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Bolivia


-  Area: 1,098,580 sq. km.
-  Population: 8,645,000
-  Language: Spanish, Quechua, Aymara
-  Type of state: republic
-  Head of state: President Carlos Mesa

Bolivia - Annual Report 2004

The press freedom situation deteriorated markedly during the events which led to the departure of President Gonzalo Sánchez de Lozada. His replacement by Vice-President Carlos Mesa restored calm, both for the country and the press.

The Bolivian press in 2003 suffered above all from the serious political crisis which ended with the President Gonzalo Sánchez de Lozada’s resignation on 17 October. Physical attacks against journalists increased at the start of February, when the first demonstrations against the government’s economic policies broke out. Relations between the president and the press deteriorated steadily thereafter.
Journalists’ unions accused the government of assigning state advertising in a discriminatory manner. A journalist with the TV channel Unitel accused presidential spokesman Carlos Sánchez Berzain of applying pressure to obtain his dismissal because of what he had reported. Also, journalists did not appreciate being filmed during a ceremony at the defence ministry.
The situation got much worse for the press in mid-October, when the authorities began cracking down much harder on demonstrations. Telephone threats, confiscation of newspapers from news stands, transmitters blown up, journalists fired on, phone lines cut, pressure on the state-owned media - these press freedom violations were above all blamed on the military intelligence services. But some of the physical attacks came from demonstrators.
The crisis was set off by an imminent government decision to export natural gas via Chile, with which Bolivia fought a war at the end of the 19th century and thereby lost its access to the sea. President Sánchez finally resigned after five days of violence that left 68 dead. Although in exile in the United States, he could still be prosecuted in Bolivia. He was succeeded by Vice-President Carlos Mesa, who immediately shelved the gas export plans, and thus managed to restore calm.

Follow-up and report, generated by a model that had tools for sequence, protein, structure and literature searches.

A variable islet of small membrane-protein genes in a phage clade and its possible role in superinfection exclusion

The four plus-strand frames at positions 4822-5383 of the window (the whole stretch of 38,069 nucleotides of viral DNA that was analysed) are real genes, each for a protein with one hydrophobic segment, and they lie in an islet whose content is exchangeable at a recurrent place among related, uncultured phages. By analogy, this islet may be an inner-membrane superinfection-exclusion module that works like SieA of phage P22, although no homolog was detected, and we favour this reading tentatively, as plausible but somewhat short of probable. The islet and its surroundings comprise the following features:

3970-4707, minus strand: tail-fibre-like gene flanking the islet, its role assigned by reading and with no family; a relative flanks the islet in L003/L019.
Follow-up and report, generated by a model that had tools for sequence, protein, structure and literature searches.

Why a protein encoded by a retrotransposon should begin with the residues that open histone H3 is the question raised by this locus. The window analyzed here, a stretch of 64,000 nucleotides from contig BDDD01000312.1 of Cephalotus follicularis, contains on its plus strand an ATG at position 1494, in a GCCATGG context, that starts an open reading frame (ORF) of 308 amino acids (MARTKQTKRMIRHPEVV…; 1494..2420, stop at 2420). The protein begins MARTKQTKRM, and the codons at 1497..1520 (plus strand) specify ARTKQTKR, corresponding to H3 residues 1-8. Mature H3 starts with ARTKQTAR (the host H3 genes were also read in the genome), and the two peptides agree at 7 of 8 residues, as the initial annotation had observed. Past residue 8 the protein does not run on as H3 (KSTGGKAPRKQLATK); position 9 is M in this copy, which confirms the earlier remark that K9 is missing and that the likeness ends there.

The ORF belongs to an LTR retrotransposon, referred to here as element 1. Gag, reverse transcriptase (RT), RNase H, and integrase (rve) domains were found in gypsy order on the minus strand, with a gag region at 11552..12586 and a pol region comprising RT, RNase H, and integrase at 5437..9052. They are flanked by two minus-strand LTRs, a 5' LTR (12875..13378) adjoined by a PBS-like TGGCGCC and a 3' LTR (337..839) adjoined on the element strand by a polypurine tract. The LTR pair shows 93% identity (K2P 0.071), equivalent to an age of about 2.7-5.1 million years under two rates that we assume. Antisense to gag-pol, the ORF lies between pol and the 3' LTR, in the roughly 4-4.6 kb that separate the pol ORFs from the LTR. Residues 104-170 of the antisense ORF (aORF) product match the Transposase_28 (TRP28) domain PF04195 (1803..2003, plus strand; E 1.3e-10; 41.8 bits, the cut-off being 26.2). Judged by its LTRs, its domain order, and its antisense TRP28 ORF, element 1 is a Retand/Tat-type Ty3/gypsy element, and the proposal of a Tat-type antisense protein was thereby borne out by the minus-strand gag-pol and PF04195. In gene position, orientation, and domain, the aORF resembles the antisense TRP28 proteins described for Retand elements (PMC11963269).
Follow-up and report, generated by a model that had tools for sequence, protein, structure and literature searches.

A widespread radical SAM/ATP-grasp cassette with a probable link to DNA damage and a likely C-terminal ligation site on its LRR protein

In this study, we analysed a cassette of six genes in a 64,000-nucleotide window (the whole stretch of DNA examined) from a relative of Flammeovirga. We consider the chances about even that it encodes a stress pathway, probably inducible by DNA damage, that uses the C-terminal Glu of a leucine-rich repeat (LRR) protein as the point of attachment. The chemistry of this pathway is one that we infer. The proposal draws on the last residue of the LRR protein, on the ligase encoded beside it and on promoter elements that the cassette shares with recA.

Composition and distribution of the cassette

17 journalists physically attacked
La Paz police used teargas on Jorge Landaeta, a photographer with the Cochabamba-based daily Los Tiempos, on 21 January when he took photos of a demonstrator who had been hit in the face by a shot fired by police. The next day, police dispersed a demonstration called by press and journalists’ organisations to protest against the police treatment of Landaeta.
Toribio Kanki of the TV channel Unitel and Javier Pasten, a contributor to the radio station Sistema Cristiano de Comunicaciones, sustained bullet injuries while covering violent clashes between demonstrators and the army on 12 February. The same day, Gonzalo Rivera of Unitel and Canal 5-Bolivisión TV cameraman Fernando Ormachea were hit by demonstrators who tried to steal their equipment. The next day, Juan José Torrejón of the daily La Prensa was injured by a detonating teargas grenade during clashes between the army and striking policemen, who were joined protesters opposed to a new tax. These riots left a toll of 30 dead and about 100 injured.
Reynaldo Saconeta, a photographer with the daily El Diario, Nicolás Quinteros, a photographer with the daily La Razón, and Johnny Salazar Socpaza, a reporter with La Razón, were attacked in the town of El Alto by a crowd of protesting residents who thought the media’s coverage of their movement was very negative. The three journalists had gone to verify whether the road leading to two other towns was still open.
Martín Alípaz of the Spanish news agency EFE, Luis Eduardo Galdieri of the US news agency Associated Press, and Carlos Barria of the British news agency Reuters, together with a cameraman with the Spanish television channel TVE, were the target of shots fired by an army tank on 12 October in the town of El Alto. They were covering a crackdown by the security forces on an anti-government demonstration. Alípaz said the soldiers could see they had cameras and had deliberately targeted them.
Carlos Colque Muriel, a correspondent for the radio network Educación Radiofónica de Bolivia (Erbol) in Patacamaya (about 100 km south of La Paz), was hit in the back by a rubber bullet fired by a soldier while Colque was covering clashes between miners and security forces on 15 October. An army lieutenant-colonel had just ordered Colque to leave.